Started in 2000 by American Tortoise Rescue, World Turtle Day is observed on May 23rd and aims to increase the public’s knowledge about turtles and tortoises and the vital role they play in our ecosystem.
At the WILD Center, here in Wisconsin, while I worked there as Wild Ones Executive Director, we observed the Painted, Snapping and Blandings* Turtles. Too often, unfortunately, I have seen people deliberately swerving their cars in front of the WILD Center to run over turtles crossing the road to get to their egg-laying habitat. While other more friendly humans, fortunately, have deliberately stopped and helped the turtles across the road to safety in the WILD Center prairie or even down to the marshy area along the Little Lake Butte des Morts lake edge.
“Turtles are important as scavengers, herbivores, carnivores and often contribute significant biomass to the ecosystem. They break down the energy of plant materials and convert them into protein.” Their eggs not only make new turtles, but they also provide food for many predators — land and water. (Turtle Conservation Society)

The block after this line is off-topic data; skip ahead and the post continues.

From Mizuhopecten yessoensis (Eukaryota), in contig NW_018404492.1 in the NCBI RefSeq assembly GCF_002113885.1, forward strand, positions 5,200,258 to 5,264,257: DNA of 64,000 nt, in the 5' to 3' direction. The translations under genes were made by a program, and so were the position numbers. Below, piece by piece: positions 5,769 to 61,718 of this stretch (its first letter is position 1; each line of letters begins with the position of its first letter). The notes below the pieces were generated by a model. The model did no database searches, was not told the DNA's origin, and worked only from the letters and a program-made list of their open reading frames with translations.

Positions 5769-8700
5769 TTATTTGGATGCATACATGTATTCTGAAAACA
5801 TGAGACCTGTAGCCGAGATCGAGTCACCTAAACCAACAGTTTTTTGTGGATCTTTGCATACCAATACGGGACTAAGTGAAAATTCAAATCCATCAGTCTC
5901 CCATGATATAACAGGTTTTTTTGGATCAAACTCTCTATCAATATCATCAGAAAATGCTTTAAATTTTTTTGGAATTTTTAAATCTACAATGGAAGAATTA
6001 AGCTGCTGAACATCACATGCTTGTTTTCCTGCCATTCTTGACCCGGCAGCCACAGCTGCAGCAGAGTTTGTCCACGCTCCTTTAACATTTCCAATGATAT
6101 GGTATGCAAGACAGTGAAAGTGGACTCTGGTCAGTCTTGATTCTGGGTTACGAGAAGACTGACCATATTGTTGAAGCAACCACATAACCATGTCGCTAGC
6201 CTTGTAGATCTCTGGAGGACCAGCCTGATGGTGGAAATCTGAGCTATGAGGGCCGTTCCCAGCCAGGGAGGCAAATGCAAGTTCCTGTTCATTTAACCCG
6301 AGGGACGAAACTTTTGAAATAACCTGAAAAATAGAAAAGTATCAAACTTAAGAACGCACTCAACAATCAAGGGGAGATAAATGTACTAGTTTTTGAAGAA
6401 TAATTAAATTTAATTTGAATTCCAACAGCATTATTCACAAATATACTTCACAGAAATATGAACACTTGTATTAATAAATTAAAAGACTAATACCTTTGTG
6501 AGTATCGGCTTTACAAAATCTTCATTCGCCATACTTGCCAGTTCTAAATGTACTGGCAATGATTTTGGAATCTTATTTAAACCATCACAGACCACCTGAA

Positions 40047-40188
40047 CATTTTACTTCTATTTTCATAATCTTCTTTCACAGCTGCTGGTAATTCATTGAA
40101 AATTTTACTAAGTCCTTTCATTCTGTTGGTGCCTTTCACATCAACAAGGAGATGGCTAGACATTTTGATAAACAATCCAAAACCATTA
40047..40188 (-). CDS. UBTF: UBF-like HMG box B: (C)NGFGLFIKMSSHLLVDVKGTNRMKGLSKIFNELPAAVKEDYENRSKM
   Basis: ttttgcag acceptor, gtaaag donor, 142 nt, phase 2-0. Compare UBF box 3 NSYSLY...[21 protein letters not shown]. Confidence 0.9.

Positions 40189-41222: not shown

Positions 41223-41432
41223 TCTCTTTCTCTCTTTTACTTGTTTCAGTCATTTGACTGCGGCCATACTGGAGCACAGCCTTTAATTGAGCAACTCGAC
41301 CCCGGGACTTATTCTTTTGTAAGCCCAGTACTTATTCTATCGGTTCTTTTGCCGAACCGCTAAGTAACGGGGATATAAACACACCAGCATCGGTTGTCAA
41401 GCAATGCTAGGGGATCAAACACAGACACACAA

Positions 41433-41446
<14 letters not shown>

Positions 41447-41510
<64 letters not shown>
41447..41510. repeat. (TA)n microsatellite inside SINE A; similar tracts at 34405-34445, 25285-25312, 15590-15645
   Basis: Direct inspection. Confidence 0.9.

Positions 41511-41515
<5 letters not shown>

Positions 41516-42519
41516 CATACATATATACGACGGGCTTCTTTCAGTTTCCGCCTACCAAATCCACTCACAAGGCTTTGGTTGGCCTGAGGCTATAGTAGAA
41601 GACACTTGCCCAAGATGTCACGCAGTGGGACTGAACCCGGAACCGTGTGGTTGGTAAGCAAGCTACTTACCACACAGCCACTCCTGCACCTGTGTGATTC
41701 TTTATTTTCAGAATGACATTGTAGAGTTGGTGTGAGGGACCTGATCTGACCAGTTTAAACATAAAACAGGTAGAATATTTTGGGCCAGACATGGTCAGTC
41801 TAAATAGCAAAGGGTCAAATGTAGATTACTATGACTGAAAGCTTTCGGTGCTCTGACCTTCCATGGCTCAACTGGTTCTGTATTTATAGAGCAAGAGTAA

*The Blandings Turtle is listed as a Species of Special Concern in Wisconsin.
While researching marine turtles, I was surprised to learn the decaying unhatched eggs of the tens of thousands deposited by nesting marine turtles help to nourish the beach ecosystem. Without this nourishment helping to maintain the vegetation, more erosion would surely occur along the beaches.
Another interesting fact about marine turtles is they act like the lawn mower of the ocean floor. If they didn’t keep the seagrasses eaten short, these plants would not survive for other aquatic critters to use for food, breeding and shelter.
They also function as the vacuum cleaner for ocean coral. The Great Barrier Reef in the Coral Sea located off the coast of Queensland, Australia, for example, would not stay as healthy as it is without the sea turtles scooping up the excess algae which tends to rob the coral of sunlight. This, however, does not overcome the damage to the coral from climate change and pollution. (Natural Geographic)
Although there is good support on public lands, turtle habitat and turtle hatchlings should be protected everywhere on land and in the water. Sounds like a good opportunity for citizen science efforts — monitoring turtle nests and hatchlings.
See also 13 Awesome Photos of Turtles by EPA.